U.S. stock indexes reached new highs on Monday, getting a boost from a financial sector that might just be starting to heat up. Compelling valuations, the possibility of easing regulations and the potential that the Federal Reserve is rethinking its strategy were all cited as reasons by Jason DeSena Trennert why his firm, Strategas Research Partners, is now especially bullish on financial stocks, according to Barron’s.
Four financial favorites of Strategas are JPMorgan Chase & Co. (JPM), Bank of America Corp. (BAC), Citigroup Inc. (C) and E*Trade Financial Corp. (ETFC). Year to date, JPMorgan is up over 13%, Bank of America is up more than 18%, Citi is up more than 21%, and E*Trade is up over 26%. (To read more, see: Betting on Bank ETFs.)
The average P/E ratio and P/B Ratio of the Financial Select Sector SPDR Fund (XLF) is 16.5. JPMorgan, Bank of America and Citi, all three of which are components of the XLF, have P/E ratios below the average at 14.4, 14.4 and 15.5, respectively. E*Trade’s P/E ratio is 20.5.
All three of JPMorgan, Bank of America and Citi, recently reported their Q3 earnings and all three beat Wall Street analysts’ forecasts, despite weaknesses in fixed-income trading revenues. E*Trade is scheduled to report Q3 earnings on Thursday.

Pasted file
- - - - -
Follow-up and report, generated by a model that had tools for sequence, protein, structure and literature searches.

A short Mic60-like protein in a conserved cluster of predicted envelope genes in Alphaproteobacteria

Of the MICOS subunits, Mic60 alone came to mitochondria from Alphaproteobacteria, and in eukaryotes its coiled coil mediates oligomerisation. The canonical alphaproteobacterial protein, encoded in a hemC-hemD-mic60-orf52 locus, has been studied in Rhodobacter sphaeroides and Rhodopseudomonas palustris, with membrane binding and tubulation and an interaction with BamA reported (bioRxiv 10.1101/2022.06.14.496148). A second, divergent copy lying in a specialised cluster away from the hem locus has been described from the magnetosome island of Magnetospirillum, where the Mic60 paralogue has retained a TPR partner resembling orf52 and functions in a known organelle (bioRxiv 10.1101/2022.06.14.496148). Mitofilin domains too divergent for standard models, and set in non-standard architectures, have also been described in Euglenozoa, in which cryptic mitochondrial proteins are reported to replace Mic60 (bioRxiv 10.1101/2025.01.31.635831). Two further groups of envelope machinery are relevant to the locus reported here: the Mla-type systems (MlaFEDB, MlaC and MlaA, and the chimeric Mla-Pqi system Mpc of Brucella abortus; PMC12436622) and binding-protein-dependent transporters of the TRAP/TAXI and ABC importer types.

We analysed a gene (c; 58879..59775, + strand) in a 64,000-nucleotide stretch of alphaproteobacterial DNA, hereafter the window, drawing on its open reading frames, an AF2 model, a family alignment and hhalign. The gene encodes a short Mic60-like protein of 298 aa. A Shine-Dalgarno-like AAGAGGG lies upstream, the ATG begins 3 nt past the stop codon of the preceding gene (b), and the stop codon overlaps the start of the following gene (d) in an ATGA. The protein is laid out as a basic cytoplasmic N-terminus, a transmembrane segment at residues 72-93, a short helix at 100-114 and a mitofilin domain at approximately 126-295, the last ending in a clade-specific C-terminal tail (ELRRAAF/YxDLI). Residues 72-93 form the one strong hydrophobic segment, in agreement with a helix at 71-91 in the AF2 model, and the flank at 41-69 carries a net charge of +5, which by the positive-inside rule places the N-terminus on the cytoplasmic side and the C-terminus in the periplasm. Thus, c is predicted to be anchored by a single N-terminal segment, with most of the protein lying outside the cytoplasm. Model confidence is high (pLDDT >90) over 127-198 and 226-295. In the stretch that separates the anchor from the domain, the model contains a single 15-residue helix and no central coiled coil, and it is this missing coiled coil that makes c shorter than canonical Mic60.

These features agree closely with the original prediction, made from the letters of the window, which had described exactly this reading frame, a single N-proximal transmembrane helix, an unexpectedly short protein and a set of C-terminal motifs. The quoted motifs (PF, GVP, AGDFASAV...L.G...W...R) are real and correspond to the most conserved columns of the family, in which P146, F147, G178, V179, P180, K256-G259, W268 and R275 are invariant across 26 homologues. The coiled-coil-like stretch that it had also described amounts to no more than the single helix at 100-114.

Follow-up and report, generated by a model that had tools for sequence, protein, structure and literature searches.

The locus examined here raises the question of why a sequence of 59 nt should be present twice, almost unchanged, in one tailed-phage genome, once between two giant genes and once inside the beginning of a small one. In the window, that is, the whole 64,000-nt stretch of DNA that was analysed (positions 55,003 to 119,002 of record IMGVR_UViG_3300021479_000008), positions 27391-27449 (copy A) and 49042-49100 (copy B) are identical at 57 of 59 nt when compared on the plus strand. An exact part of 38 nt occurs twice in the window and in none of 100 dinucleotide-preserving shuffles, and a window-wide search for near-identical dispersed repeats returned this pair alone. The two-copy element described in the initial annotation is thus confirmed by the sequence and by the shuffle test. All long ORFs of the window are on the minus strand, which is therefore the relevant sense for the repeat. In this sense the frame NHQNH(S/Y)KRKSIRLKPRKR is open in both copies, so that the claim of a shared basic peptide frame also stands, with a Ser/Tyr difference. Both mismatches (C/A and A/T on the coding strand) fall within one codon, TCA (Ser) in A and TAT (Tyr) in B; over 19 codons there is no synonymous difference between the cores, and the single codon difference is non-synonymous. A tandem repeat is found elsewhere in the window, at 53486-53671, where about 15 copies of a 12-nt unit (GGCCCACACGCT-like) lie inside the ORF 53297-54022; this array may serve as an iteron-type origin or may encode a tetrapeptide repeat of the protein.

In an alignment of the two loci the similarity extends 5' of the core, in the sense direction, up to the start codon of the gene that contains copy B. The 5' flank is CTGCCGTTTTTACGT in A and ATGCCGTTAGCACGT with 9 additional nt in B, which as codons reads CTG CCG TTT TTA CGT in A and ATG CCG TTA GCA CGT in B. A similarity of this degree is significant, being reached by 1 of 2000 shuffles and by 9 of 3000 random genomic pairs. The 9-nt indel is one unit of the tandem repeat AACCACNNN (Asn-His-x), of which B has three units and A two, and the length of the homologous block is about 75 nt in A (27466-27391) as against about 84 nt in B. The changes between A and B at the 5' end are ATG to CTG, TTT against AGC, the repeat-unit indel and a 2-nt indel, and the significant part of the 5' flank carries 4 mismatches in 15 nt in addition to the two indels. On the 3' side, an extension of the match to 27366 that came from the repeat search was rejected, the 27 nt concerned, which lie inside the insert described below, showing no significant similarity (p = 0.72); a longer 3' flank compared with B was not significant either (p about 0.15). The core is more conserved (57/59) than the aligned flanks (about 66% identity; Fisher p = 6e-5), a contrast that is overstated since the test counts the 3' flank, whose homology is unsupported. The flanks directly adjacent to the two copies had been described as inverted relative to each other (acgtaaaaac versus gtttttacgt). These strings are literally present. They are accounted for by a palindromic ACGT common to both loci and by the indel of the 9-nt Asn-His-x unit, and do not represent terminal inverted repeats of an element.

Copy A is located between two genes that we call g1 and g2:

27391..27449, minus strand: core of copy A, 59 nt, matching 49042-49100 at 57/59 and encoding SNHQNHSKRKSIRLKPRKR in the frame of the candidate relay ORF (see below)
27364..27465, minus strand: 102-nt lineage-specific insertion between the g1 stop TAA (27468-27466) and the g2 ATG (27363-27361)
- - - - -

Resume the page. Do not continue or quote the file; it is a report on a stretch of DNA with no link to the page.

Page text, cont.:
For JPMorgan, it was their community and community banking as well as corporate and investment banking divisions that drove earnings beyond estimates. Despite weak trading revenues, Bank of America saw 4% revenue growth across their four lines of business driven by a 10% increase in consumer banking revenues. Citi’s earnings beat was driven by a 9% year-over-year increase in its Institutional Clients Group business.
Regulatory and Policy Environment
While E*Trade’s valuation may not be as attractive as the other three banks, all financial stocks would get a boost from tax reform and a more lax regulatory environment.
President Donald Trump’s plans to cut the corporate tax rate would mean that all of corporate America would be able to keep a greater share of their gross profits. (To read more, see: Trump Tax Plan ‘As Good as It Gets’ for US Banks.)
Randall Quarles’ recent confirmation as the Federal Reserve Board’s newest Vice Chair for Financial Regulation will likely usher in an era of less stringent bank stress tests, while the Fed has already been looking for a more lax interpretation of the Volcker Rule.
On top of that, Trump is currently in the process of trying to choose the next Fed Chairperson, with Janet Yellen’s term up in February. A new Fed leader could bring about a complete turn around in Fed policy.